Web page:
3. I agree with you Peter – but students seem to have to expect this. What I do is put notes on the web, but add a lot of board work not in the notes – which forces note taking.

  4. i agree – lecturing is a process which i assume evolved when their were too few text books… far better that a student reads the facts from a book and then spends their time practicing examples.

    indeed, i’ve often thought that we should just video our lectures (once) and put them on the web so students can watch (and rewatch) them as and when they need to. then they become just another learning resource.

    however, the problem with replacing lecture with example classes and the like is that these require significantly more staff effort to support, so such a change, while beneficial to the students, comes at a significant cost. what are the plans to deal with that?

    • telescoper Says:

      Ian

      Yes, it does take more effort to support exercise classes but once the course materials are prepared, exercise classes can be supported by PhD students and PDRAs with academic staff attending where necessary. It also gives the more junior staff the chance to get some teaching experience.

      We’re not planning to abandon tutorials (which are usually in groups of 3-4 in Cardiff), but these (and project supervisions) are the least efficient teaching methods (in terms of full-time staff effort). I suspect lectures have proved durable primarily because they are cheap to do (per student).

      Anyway, if students are going to be paying three times the fee they currently are, they have a right to expect higher quality teaching provision.

      Peter

    • Bryn Jones Says:

      This does look a bit like offloading teaching on to the shoulders of people who should be doing research (even if research councils do allow the practice).

    • telescoper Says:

      Bryn

      It’s not offloading. The full-time staff will still be doing the bulk of teaching, but with some help for the odd hour from other people. It is important for students and PDRAs to garner teaching experience, as they will be required to teach in most permanent jobs they will be seeking. It’s good for the department and good for them, as it helps them develop their careers.

      Peter

    • Woken Postdoc Says:

      Whether officially or secretly, plenty of PDRAs already deliver lectures and supervise students. Some PDRAs (in some institutes) perform more of it than the tenured staff do. Some perform it opportunistically, or fill occasional gaps.

      It *is* a potentially risky diversion. I am wary that excessive *enjoyment* of lecturing leads to an endless madness of displacement-activity. Taken in moderation, it can be a valuable part of a postdoc’s vocation.

      Lecturing becomes better if you mix some relevant current research interests with the classic old topics. Don’t just repeat last year’s notes. Perhaps the infusion of fresh, live expertise is the reason why universities hire scientists to teach (rather than teachers)?

  5. I think I found the transition from being talked to, to being talked at the strangest thing about lectures.
    I recall my worst module was a maths module being taught on powerpoint. When we students asked for an example to be done on the board, other work was not covered, because there was not enough time. The balance between quality and quantity was reallly off on that course.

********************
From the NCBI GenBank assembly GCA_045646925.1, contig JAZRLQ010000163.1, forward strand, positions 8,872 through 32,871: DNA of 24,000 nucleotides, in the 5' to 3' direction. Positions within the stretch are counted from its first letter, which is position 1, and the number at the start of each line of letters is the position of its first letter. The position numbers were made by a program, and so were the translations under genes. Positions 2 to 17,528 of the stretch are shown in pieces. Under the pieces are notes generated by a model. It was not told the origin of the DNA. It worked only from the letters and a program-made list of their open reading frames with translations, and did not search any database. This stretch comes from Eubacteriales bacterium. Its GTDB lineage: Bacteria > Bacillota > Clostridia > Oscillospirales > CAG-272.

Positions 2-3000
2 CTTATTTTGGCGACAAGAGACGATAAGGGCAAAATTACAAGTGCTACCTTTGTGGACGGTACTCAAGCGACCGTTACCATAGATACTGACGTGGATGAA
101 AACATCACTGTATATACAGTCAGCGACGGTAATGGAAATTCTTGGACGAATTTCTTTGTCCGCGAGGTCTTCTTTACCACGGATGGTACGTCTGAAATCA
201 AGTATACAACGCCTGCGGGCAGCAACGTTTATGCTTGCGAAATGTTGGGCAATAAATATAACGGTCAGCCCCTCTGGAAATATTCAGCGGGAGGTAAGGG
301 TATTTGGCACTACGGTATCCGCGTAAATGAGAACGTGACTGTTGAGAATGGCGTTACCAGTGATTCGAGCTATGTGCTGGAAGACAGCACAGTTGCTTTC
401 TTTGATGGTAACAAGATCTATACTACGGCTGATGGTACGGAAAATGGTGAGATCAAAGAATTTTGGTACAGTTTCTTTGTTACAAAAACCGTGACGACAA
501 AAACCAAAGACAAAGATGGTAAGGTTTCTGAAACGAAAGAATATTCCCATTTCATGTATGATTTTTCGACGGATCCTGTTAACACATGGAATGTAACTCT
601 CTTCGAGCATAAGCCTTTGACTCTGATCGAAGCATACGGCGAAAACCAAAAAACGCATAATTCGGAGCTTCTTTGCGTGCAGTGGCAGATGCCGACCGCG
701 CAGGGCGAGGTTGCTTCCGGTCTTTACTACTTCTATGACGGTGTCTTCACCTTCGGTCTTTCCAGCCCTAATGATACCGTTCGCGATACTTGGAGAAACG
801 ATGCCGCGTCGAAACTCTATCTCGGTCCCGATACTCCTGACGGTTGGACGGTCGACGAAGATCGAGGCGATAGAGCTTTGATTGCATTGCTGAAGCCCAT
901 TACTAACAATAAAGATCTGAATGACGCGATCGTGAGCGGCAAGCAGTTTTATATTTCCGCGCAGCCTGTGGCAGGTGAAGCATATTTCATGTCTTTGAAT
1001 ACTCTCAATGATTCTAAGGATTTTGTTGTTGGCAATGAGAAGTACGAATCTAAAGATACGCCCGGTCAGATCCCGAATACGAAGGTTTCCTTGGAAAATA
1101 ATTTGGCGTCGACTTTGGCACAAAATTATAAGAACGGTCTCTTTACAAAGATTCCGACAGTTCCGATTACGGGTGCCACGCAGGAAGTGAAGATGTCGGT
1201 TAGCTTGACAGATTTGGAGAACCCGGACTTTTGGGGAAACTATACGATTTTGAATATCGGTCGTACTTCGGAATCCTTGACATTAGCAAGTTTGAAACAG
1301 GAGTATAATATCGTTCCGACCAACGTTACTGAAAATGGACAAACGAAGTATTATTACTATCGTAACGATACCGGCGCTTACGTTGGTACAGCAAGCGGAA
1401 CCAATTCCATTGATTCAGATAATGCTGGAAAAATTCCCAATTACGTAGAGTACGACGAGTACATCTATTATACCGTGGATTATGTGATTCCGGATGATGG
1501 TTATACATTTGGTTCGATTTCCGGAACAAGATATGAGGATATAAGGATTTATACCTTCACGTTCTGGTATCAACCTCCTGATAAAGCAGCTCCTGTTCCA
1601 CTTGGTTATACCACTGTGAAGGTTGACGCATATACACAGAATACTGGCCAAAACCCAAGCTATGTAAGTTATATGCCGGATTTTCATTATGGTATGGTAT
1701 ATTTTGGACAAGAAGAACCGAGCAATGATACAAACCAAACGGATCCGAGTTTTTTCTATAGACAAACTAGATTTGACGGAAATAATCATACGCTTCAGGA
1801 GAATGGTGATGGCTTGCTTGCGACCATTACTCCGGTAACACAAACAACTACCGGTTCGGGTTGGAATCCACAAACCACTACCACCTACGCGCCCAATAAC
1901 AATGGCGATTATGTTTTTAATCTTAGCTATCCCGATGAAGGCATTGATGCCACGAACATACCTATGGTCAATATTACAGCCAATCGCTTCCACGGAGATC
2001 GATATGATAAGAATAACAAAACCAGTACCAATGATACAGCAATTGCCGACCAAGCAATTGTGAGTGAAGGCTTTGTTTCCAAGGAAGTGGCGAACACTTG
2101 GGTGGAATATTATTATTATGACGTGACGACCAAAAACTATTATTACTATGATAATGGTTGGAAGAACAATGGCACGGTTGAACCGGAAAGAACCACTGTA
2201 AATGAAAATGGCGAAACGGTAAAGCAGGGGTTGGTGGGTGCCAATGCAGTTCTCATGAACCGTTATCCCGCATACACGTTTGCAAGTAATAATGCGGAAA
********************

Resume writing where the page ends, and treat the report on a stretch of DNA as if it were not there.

I liked the look of the new module scheme, repetition put me off studying a topic and I found the progression in the fourth year in putting it all together and lecturers knowing that we know the theories (even if we need a slight reminding), made the course more interesting.

  6. I never took copious notes. My approach was to learn the material from books and use the lectures to perhaps get a different perspective, ask questions etc. Similar to going to a conference, really: there is little point in trying to write everything down. These days, the latest results are on the web anyway, so the reason one attends a conference talk when one can just read the paper are the same reasons one can attend a lecture when one can just read the book.

  7. telescoper Says:

    II see from my spam filter that attempts have been made to post abusive messages on this item. This message isn’t directed at any of the commenters above.

    This is taken from what it says on the front of my blog:

    Feel free to comment on any of the posts on this blog but comments may be moderated; anonymous comments and any considered by me to be abusive will not be accepted.

    So if you want to post a comment please refrain from offensive language and please identify yourself. Or push off.

    Sorry for the interruption. Please continue the discussion.

  8. John Peacock Says:

    Well, I disgree with most of the above: I think lectures are great. When I was an undergraduate, I occasionally got keen and looked at the recommended textbooks in advance, and generally got depressed that it all seemed so difficult. Then when the lectures came, everything turned out so much easier: this is because lectures tell you efficiently which parts of textbooks you don’t need to bother reading first time through (i.e. most parts). The only caveat is that lecturers shouldn’t be too entertaining – I can think of courses that I enjoyed immensely only to find that I had taken no useful notes. I think it’s hard to beat a nicely paced (i.e. chalk+talk – absolutely no powerpoint) lecture, where the student has time to translate what the lecturer is saying into their own words. Clearly, this is only a basis for building understanding by doing problems, preferably in a tutorial context, but I still think it’s the best basis that exists. It depresses me that our undergraduates demand printed notes in advance: however hard you try, these always expand into a mini-textbook and the virtue of the lecture as a clear executive summary of the logic of the subject risks being lost.

    • Monica grady Says:

      Peter- some of the things that you mention are exactly the way the Open university teaches. We no longer have kipper tie’d lecturers on the TV at ungodly hours. Before we put on a course, we write all the material as a text book, with problems included in the text. Students meet approx monthly for face to face tutorials with their tutor, who is part of a network of associate lecturers. On top of this are separate assignments and end of course exams. Many of our course texts are downloadable ( for free) via iTunes. Students have to make their own notes, and are encouraged to discuss (but not to copy!) course work on electronic fora (forums? never sure on this one). One day, all universities will be like the OU……..and our fees are nowhere near £9 k!